Vanderbilt University recently has implemented five sustainability projects with support from the student-led Vanderbilt Green Fund. The projects range from a native species garden that aims to increase biodiversity, pollination and soil quality on campus, to more technology-driven solutions, such as programmable thermostats and solar thermal panels.
Established in 2011 by members of Students Promoting Environmental Awareness and Responsibility and Vanderbilt Student Government, the Vanderbilt Green Fund provides a total of $150,000 annually to select projects that help the university transition to a sustainable future. Any student associated with Vanderbilt can propose a project for consideration. Funding for the initiative comes from Facilities within the Division of Administration.
Green Fund proposals are first evaluated by a student committee organized jointly by SPEAR and VSG. The winner of each year’s Green-A-Thon is automatically forwarded as a top proposal. The student committee then recommends the top proposals to the Green Fund Working Group, which makes the final funding decisions. The working group comprises six administrators, six students and at least one faculty member.
The next round of project proposals will be accepted during the Spring 2023 semester.
Vanderbilt implemented the following five projects on campus this semester:
Acetone Distillation Machine
Vanderbilt chemistry students presented the idea of installing distillation machines in laboratories across campus to encourage the recycling of the acetone, which is used daily for cleaning and removing contaminants from glassware. The pilot project began in the organic chemistry labs, where approximately 20 to 30 liters of acetone are used per week. With the installation of just one distillation machine, Vanderbilt is saving up to 650 liters of acetone per week, reducing the amount of hazardous waste the university generates.
To reduce energy use for heating and cooling on campus, the university has installed programmable thermostats in the 2800 Vanderbilt Place building. The thermostats, which inform Vanderbilt Facilities about energy use trends in the building, can adapt to the occupants’ schedules and adjust the cooling and heating output accordingly.
Pollinator and Native Species Garden
The Vanderbilt University Arboretum’s history extends to the founding of the university by Bishop McTyeire, and its educational mission is referenced as early as 1878. The collaboration of students, faculty and staff is an important part of the care and growth of the arboretum and many of the university’s green spaces.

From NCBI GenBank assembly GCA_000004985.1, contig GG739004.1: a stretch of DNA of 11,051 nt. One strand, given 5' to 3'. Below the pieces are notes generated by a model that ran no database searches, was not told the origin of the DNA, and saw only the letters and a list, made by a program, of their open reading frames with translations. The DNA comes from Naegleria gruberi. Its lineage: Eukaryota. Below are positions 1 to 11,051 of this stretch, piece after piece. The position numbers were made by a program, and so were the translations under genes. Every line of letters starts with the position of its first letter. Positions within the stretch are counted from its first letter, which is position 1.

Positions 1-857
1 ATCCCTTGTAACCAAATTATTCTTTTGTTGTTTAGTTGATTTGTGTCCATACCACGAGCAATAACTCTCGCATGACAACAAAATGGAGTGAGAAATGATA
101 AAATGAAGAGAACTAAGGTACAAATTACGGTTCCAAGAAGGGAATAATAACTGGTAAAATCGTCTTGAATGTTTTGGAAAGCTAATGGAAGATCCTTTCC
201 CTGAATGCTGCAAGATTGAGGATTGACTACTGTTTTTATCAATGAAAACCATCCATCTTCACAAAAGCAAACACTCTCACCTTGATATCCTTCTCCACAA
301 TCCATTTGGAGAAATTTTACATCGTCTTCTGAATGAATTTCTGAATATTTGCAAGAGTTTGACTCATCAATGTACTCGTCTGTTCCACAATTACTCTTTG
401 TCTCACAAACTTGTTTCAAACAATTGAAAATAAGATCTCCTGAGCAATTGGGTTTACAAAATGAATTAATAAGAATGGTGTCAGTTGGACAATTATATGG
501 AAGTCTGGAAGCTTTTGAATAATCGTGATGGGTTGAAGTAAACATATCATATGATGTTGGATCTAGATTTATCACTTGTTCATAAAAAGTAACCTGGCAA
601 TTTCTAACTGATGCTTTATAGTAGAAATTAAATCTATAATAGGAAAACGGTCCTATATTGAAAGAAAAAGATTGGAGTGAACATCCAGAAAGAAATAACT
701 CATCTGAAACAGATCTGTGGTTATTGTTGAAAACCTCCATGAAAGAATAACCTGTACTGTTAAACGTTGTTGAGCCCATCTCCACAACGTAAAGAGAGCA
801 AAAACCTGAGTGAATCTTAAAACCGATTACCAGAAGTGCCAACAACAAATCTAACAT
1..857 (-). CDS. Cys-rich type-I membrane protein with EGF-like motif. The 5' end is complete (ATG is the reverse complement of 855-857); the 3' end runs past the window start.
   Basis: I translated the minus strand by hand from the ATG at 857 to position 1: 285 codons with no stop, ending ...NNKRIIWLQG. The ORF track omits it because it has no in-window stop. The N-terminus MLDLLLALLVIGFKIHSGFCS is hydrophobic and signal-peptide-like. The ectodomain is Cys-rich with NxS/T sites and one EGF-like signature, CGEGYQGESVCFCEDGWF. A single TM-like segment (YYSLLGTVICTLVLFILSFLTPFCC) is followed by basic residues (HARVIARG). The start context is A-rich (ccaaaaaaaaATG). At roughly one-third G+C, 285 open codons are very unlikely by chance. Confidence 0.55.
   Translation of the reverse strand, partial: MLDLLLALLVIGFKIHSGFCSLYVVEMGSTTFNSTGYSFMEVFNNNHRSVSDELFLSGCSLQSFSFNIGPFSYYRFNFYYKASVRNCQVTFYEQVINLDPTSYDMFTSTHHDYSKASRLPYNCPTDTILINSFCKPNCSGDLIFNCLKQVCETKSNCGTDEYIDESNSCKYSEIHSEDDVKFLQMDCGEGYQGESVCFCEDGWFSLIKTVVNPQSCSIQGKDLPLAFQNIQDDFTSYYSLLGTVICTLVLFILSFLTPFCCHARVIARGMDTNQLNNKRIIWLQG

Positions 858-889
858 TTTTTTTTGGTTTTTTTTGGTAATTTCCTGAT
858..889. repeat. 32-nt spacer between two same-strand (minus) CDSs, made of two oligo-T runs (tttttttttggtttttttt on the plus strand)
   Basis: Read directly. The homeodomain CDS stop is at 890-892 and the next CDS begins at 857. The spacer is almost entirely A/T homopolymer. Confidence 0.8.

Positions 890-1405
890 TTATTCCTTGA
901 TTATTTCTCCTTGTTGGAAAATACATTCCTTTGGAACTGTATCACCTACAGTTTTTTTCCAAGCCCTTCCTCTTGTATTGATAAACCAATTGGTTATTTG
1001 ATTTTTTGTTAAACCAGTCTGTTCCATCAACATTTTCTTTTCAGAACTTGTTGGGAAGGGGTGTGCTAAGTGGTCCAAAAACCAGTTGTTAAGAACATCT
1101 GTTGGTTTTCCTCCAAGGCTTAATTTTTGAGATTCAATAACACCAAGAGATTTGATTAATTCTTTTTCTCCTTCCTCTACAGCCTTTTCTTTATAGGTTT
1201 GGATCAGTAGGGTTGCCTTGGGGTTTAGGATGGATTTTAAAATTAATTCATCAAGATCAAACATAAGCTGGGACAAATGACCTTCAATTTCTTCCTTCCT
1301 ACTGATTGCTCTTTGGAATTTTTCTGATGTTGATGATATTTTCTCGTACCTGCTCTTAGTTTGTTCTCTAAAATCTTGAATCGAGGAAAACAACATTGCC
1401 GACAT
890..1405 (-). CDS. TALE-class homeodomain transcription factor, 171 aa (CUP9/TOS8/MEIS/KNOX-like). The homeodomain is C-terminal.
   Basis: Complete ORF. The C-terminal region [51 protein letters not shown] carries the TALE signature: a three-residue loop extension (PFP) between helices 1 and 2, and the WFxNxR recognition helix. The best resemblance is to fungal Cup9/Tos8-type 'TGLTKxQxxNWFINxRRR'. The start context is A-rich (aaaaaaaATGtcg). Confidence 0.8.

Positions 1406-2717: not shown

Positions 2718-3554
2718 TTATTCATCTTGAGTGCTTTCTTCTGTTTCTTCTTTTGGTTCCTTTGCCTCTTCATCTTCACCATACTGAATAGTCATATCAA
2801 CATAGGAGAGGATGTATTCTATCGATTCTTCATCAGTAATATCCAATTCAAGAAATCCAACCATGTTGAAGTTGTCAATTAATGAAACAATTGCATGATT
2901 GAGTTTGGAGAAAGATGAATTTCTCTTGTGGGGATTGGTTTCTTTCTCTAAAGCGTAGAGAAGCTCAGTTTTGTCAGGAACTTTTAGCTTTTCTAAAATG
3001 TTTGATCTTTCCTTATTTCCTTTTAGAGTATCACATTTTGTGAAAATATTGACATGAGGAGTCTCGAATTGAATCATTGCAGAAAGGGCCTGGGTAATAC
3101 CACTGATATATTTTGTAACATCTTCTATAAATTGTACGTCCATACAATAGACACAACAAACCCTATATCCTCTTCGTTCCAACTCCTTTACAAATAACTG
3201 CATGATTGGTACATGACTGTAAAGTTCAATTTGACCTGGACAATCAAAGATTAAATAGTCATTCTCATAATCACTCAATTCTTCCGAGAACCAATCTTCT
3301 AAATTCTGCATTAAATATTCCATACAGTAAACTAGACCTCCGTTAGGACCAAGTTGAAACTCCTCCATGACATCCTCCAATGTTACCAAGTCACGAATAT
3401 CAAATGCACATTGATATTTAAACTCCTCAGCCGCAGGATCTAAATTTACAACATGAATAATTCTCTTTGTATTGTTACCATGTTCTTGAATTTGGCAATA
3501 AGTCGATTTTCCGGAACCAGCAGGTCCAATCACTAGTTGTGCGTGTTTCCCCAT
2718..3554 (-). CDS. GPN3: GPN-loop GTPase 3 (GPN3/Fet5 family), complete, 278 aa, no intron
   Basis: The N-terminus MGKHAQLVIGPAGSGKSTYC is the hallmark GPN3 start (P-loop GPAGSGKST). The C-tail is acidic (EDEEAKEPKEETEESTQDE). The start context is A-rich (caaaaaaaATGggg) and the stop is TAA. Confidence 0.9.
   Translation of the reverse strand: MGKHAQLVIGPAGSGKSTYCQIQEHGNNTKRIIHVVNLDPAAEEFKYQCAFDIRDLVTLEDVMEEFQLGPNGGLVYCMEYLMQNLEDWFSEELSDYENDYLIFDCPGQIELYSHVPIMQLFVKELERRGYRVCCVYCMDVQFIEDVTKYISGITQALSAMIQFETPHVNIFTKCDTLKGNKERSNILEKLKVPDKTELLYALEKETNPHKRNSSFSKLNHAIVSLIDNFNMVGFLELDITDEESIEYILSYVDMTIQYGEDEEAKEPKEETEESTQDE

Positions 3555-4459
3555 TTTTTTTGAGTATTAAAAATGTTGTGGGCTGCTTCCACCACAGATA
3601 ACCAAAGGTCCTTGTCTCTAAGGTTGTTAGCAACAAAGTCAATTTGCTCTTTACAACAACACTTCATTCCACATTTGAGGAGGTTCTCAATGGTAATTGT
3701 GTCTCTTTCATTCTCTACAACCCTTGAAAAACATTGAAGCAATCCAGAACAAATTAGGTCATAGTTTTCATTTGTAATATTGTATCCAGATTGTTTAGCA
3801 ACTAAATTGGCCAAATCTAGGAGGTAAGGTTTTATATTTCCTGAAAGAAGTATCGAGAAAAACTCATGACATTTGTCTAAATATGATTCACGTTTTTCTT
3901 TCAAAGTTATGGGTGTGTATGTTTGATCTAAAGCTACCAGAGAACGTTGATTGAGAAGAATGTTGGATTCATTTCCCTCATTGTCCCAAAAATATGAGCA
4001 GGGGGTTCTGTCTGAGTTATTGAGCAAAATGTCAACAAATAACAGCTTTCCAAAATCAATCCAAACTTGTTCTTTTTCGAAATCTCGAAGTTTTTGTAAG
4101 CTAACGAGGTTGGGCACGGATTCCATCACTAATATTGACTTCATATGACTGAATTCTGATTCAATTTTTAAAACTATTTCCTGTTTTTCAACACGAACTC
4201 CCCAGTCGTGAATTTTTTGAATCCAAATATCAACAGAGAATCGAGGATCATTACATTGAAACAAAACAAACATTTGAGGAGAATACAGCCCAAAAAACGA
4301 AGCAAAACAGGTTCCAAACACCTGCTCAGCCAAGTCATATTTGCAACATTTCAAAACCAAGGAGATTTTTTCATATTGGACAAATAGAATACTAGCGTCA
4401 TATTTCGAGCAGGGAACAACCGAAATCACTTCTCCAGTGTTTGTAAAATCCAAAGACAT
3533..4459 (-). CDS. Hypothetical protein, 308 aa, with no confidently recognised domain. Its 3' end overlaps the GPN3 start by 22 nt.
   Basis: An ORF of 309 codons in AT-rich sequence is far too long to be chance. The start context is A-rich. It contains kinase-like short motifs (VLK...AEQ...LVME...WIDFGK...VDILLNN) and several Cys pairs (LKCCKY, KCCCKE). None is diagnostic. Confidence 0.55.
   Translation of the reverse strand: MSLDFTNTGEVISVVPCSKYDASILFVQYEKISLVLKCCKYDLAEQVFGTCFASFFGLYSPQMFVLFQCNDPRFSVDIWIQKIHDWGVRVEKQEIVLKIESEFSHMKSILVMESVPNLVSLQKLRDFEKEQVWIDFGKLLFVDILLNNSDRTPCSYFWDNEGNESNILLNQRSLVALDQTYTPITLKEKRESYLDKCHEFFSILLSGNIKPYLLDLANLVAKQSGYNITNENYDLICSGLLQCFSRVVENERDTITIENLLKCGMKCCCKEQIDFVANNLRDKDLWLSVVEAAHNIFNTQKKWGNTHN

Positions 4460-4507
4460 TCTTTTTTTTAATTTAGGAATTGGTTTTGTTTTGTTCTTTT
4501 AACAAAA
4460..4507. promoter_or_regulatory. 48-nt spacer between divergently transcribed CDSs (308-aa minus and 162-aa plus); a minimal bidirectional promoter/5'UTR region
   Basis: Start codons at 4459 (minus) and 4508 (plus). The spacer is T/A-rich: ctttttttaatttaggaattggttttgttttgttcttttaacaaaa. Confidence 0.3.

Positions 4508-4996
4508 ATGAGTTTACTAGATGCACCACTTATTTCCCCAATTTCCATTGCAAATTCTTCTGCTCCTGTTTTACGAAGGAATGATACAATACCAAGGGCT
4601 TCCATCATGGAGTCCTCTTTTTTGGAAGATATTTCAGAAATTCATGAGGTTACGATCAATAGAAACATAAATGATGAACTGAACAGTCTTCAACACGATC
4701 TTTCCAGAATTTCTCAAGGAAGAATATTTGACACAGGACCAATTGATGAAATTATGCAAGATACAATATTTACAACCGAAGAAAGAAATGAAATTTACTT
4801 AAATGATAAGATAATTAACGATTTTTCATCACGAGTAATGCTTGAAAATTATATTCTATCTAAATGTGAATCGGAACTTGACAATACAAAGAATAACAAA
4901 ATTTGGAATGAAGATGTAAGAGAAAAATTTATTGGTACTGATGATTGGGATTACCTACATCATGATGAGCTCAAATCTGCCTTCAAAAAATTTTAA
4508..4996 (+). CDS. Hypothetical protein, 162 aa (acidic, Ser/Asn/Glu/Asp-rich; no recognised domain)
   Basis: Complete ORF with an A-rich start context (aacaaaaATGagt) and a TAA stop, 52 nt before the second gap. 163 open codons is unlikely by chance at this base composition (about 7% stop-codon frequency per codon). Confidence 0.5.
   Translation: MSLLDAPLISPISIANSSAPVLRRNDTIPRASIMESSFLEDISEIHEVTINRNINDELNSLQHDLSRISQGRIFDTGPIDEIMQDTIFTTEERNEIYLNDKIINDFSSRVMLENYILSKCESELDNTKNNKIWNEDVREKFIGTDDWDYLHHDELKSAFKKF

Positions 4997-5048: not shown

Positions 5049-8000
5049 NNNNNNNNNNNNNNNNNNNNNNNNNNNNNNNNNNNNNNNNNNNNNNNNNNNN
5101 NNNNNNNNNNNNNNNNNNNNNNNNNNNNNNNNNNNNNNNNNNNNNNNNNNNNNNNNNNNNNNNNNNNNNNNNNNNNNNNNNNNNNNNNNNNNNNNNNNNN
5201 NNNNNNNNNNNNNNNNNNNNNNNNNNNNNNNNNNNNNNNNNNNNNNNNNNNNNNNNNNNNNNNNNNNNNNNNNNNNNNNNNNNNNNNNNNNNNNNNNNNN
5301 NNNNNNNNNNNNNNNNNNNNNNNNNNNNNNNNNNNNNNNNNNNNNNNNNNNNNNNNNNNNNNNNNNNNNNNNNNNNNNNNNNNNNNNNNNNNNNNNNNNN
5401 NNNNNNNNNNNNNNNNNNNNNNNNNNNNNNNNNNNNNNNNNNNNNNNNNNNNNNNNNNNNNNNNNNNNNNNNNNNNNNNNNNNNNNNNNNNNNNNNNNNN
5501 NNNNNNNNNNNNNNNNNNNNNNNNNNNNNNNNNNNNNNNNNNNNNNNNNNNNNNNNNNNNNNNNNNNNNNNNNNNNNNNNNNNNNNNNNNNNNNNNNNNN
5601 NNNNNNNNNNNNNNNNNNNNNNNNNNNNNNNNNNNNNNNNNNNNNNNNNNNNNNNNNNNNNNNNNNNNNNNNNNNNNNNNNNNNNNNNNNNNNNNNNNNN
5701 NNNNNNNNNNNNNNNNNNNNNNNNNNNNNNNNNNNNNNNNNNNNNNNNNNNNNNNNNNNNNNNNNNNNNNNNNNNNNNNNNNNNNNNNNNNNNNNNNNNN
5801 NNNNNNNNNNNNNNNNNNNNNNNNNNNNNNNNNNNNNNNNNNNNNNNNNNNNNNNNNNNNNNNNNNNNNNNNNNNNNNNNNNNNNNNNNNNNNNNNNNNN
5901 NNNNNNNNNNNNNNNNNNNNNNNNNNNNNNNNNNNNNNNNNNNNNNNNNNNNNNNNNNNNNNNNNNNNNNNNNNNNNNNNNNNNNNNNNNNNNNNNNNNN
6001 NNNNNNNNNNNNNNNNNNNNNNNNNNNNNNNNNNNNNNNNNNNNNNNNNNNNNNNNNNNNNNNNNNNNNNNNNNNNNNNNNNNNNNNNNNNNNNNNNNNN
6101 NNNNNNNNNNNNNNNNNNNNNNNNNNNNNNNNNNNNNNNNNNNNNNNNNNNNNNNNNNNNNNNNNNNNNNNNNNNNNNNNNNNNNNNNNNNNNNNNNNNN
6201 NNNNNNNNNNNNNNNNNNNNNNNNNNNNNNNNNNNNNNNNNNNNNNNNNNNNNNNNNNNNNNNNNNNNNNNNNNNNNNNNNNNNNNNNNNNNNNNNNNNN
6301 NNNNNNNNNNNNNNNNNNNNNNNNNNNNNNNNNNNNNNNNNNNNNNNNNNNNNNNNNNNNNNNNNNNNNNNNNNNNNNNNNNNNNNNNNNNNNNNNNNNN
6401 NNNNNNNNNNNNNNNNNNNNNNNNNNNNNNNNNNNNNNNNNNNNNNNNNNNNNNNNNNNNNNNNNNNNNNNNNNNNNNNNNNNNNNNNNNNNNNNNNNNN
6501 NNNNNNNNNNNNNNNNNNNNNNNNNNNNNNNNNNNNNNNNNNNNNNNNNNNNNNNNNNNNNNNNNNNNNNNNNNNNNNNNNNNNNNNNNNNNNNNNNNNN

As part of the 2021 Green Fund, students proposed a way to elevate Vanderbilt’s campus beauty while simultaneously helping bridge the gap between humans and nature. The Pollinator and Native Species Garden is designed to promote the planting of more native plants on campus and increase biodiversity, pollination and soil quality. The “Soil-Your-Undies Challenge” will collect soil quality data to understand the impact the native plantings have on the site.
Students worked closely with the university’s landscape architect and the grounds team to design the garden and select a variety of perennial pollinator plants. The Pollinator and Native Species Garden, located on Peabody College’s campus behind the newly renovated Mayborn and 6 Magnolia buildings, features walking pathways and is now available for the Vanderbilt community to tour and enjoy.
LED and Motion-Sensor Lights
To decrease carbon emissions and lower energy usage, the university converted 125 light fixtures on the third and fourth floors of Vanderbilt Blair School of Music to LED fixtures, including in the hallways, communal spaces and practice rooms. Additionally, 17 motion sensors were installed in the Blair School practice rooms. The conversion to LEDs saves energy whenever the lights are on, and the motion sensors ensure that lighting is on only when a practice room is in use.
Solar Thermal Roof
Solar thermal panels installed on the roof of the David Williams II Recreation and Wellness Center will heat water that is used in the building for showers and sinks. A similar system installed on the Currey Tennis Center in 2016 routinely reduces the amount of natural gas needed to heat water in the building by 25 percent.
For more information on the university’s sustainability initiatives, please visit the FutureVU Sustainability website or email firstname.lastname@example.org.